The Ice Saints (Die Eisheiligen)

The next few nights are watched by gardeners here maybe not with dread, but certainly with apprehension…

The Ice Saints

  • Pankratius – Saturday, 12th May
  • Servatius – Sunday, 13th May
  • Bonifatius – Monday, 14th May
  • and the cold Sophie – Tuesday, 15th May

Based on centuries of observations, these dates are still considered to be the last frosts of the spring- at least in our region. Many well-known gardening and farmer proverbs in Germany focus on these Saints’ days. Geraniums, bedding plants, window boxes etc will generally not be seen before frosty Sophie has been and gone! And indeed, after temperatures of 30°C on Friday, Sunday night could bring a light ground frost. Now where is my garden fleece…

“Die kalte Sophie macht alles hie.”  – Cold Sophie spoils everything.

Are there similar dates or proverbs where you live?


9 thoughts on “The Ice Saints (Die Eisheiligen)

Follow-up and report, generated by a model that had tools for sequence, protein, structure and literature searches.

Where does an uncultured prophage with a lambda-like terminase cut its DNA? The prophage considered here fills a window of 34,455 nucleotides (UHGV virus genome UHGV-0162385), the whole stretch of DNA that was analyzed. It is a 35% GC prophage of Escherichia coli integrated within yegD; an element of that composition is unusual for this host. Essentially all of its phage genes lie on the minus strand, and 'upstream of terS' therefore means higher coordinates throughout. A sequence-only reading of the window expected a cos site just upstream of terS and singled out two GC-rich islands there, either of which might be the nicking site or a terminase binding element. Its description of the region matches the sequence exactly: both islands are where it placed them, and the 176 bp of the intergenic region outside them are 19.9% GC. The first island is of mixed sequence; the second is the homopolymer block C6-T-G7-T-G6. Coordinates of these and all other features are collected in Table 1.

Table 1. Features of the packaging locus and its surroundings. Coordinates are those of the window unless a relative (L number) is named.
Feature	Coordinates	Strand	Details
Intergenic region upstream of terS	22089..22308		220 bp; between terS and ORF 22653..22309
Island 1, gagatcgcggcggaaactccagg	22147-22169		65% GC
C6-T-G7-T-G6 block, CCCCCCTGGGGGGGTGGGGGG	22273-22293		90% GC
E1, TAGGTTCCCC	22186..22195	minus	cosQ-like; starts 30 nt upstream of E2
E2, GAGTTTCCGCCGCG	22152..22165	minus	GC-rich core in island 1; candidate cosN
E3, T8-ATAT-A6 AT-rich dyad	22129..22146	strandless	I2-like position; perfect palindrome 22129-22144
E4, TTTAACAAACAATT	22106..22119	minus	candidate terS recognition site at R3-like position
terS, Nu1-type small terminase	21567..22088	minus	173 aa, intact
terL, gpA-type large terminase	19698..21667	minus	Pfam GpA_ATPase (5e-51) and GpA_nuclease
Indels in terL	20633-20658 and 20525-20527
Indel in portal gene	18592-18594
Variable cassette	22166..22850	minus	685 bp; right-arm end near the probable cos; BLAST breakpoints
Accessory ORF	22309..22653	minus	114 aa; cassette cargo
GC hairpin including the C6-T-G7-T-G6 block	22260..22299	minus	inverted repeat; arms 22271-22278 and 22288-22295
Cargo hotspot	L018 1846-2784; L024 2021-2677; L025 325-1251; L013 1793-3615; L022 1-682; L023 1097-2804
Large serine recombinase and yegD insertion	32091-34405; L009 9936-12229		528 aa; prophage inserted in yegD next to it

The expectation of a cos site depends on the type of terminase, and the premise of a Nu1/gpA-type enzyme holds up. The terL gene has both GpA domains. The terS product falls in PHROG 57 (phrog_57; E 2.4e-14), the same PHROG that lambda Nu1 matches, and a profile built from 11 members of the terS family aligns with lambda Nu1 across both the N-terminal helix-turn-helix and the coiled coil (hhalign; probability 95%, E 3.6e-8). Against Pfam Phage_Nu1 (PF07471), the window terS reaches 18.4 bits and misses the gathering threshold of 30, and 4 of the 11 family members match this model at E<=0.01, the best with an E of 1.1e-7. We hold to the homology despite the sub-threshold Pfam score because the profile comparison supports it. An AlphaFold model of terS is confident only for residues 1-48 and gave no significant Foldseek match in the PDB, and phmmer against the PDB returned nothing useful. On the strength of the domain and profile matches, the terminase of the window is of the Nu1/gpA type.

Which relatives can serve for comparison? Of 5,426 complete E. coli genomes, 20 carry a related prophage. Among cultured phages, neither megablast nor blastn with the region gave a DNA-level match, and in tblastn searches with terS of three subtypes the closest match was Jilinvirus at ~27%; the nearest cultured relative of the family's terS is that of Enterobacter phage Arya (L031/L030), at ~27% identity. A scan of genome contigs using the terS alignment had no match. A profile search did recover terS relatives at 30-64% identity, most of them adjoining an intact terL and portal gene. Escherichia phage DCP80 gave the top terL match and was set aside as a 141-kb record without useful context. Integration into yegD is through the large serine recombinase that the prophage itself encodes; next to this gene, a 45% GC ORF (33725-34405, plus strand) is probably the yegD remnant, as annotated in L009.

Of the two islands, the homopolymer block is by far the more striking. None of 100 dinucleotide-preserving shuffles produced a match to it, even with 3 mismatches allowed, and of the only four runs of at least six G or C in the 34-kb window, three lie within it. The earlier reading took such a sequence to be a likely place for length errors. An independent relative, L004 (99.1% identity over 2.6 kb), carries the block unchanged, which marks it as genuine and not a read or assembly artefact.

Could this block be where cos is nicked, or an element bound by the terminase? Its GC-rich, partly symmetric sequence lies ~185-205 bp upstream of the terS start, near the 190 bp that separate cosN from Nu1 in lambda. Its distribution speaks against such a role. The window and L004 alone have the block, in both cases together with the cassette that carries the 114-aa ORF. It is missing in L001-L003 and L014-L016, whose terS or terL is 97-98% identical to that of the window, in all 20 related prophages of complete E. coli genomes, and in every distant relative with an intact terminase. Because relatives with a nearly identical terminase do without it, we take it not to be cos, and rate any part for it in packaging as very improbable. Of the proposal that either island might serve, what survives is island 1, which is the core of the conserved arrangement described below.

1. I love that you have names for the days! We have had frost as late as June 12, but not in a long time. I don’t put my pots and boxes out until the end of May.

    • Wow, mid-June is late. Yes, the saints’ days are used here as reminders for all sorts of things all year round. For example, 24 June is Johanni Day, and the last day for picking asparagus!

  2. In French parts, it’s called “Les Saints de Glace” (who’d a thunk it?!) – even ordinary balcony-pots-only friends here in Lausanne will quote the adage and know not to get anything going before those dates have passed! Apparently it dates from the Middle Ages, and is a very accurate guide. I guess we from our ocean-warmed temperate northwest would be less aware of the risk of big highs and lows that can happen to our continental cousins!

    • Hi Verity! It’s amazing how such a “rule” is so widespread in Europe, where the weather can also vary so much. I don’t think there is any equivalent in Britain.

  3. Pingback: Tuesday at Two (May 14th) | Words and Herbs

  4. I love this idea! I think we were visited by a Canadian “Ice Saint” last night (a nameless one). We had frost overnight despite the fact that last week it was “shorts weather.” I’m worried about our tulips and strawberries.

    • There is one more date in June when cooler weather often occurs – called “sheep’s cold” because the sheep have usually been shorn by then! I love these old weather proverbs and dates as they are so often right -a good guideline for gardeners!

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